3. 5 out of 5

    Ernest

    A thorough survey of English language poetry. I mined it for trial Paper Ones, figuring it will give the students a fairly good grounding in the canonical (again, English speaking) poetry if the last even centuries, for what it is worth. They might even like a few of the poems...

  4. 4 out of 5

    Darkpool

    A required text for the English lit paper I did in the last year of my degree, when I'd finally made my peace with the idea of studying English. This book is a treasured resource which I have dipped into over and over again in the intervening years. A required text for the English lit paper I did in the last year of my degree, when I'd finally made my peace with the idea of studying English. This book is a treasured resource which I have dipped into over and over again in the intervening years.

  5. 5 out of 5

    Chelsea M

    I was new to poetry when I bought this book. I could count on one hand the number of poems that I've read outside of English classes. For months, it sat untouched on my bookshelf, but one day I decided that I should really finish this book and committed myself to reading at least two pages every day before bed. As unfamiliar with poetry as I was, I really liked the reverse chronological order of the book. I think I would probably have given up in the first week if I had to start from Canterbury I was new to poetry when I bought this book. I could count on one hand the number of poems that I've read outside of English classes. For months, it sat untouched on my bookshelf, but one day I decided that I should really finish this book and committed myself to reading at least two pages every day before bed. As unfamiliar with poetry as I was, I really liked the reverse chronological order of the book. I think I would probably have given up in the first week if I had to start from Canterbury Tales instead of easing into it through modern poems. I'm very picky about books I buy - I almost never buy a book unless I've borrowed it from the library before and loved it. But this book was meant to be bought, not borrowed. With library books, you can't mark your favourite poems with sticky notes. Obviously there were some poets and poems that I wish were included - you can't cover 700 years of poetry without missing some great ones - but overall, this was a great introduction to the world of poetry.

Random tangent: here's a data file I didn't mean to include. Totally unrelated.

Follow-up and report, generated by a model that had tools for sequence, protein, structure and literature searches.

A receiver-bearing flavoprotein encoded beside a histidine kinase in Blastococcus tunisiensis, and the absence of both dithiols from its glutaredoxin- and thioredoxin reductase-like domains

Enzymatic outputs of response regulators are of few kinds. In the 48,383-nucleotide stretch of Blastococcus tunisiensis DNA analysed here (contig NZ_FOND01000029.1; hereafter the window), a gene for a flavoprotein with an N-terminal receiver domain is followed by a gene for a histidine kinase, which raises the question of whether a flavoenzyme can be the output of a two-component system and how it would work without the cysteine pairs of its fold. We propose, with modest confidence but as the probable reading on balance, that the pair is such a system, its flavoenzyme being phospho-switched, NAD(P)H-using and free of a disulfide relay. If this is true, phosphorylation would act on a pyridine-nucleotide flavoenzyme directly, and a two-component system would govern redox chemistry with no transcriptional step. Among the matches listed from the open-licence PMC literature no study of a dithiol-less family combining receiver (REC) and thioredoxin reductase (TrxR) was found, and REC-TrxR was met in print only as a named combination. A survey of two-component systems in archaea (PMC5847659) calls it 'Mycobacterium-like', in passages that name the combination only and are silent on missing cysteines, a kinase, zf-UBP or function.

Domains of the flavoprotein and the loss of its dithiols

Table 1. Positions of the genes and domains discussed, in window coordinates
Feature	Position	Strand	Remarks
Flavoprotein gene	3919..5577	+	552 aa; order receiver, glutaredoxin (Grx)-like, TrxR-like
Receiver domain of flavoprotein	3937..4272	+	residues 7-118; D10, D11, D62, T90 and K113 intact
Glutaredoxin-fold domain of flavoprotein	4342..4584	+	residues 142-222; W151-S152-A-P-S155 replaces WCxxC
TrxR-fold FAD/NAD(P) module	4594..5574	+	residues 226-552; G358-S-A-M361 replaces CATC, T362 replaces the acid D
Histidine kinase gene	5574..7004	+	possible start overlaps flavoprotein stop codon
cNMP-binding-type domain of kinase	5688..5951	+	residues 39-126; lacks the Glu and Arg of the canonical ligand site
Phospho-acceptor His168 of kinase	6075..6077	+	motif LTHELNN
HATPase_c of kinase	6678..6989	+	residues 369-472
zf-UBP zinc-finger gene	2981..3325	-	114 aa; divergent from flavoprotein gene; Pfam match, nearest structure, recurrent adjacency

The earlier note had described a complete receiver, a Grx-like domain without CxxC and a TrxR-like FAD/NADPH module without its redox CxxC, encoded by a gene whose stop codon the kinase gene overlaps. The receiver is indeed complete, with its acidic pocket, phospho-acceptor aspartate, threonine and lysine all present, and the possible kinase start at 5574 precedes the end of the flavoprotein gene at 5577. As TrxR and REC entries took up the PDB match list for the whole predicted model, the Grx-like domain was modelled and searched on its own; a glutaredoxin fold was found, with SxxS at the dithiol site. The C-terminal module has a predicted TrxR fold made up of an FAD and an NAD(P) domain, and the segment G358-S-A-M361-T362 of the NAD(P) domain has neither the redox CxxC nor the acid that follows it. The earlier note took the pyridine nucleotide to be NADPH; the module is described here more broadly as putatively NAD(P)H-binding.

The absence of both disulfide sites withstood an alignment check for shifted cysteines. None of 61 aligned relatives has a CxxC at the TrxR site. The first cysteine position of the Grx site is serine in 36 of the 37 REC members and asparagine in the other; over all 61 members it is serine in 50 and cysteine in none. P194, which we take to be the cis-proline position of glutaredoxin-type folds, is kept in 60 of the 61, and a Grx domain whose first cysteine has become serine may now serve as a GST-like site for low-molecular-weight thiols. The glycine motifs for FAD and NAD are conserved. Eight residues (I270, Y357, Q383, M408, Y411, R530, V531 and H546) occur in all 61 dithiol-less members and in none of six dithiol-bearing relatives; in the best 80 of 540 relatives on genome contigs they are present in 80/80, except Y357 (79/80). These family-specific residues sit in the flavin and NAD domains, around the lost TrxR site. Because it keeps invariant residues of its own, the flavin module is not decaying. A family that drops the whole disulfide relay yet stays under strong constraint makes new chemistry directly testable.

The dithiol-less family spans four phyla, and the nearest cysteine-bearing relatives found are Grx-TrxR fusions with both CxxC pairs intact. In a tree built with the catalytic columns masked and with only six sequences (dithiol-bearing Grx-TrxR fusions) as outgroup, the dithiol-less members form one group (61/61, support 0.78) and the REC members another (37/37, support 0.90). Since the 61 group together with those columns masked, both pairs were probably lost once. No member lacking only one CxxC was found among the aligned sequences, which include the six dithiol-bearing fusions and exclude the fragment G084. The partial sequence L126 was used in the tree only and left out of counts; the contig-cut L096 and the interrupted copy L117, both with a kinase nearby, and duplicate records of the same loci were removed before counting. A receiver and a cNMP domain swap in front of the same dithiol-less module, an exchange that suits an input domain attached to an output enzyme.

6. 4 out of 5

    May

    hi

  7. 4 out of 5

    Sophia McQuillan

  8. 4 out of 5

    Nathan

  9. 4 out of 5

    Kristina

  10. 4 out of 5

    Peter

  11. 4 out of 5

    Peta Milan

  12. 5 out of 5

    Bron

  13. 4 out of 5

    Sarah

  14. 4 out of 5

    Seth Merlo

  15. 5 out of 5

    Katie

  16. 4 out of 5

    Kate Guest

  17. 5 out of 5

    Suzie

  18. 5 out of 5

    Sonia Belle

  19. 4 out of 5

    Pablo Zula

  20. 4 out of 5

    Bec

  21. 4 out of 5

    Luke

  22. 5 out of 5

    Georgia

  23. 5 out of 5

    Michael

  24. 4 out of 5

    Greg

  25. 5 out of 5

    Colin Parton

  26. 5 out of 5

    H H

  27. 5 out of 5

    Luke

  28. 4 out of 5

    Keith Conway

  29. 5 out of 5

    Tracey Allen at Carpe Librum

  30. 5 out of 5

    Amanda Good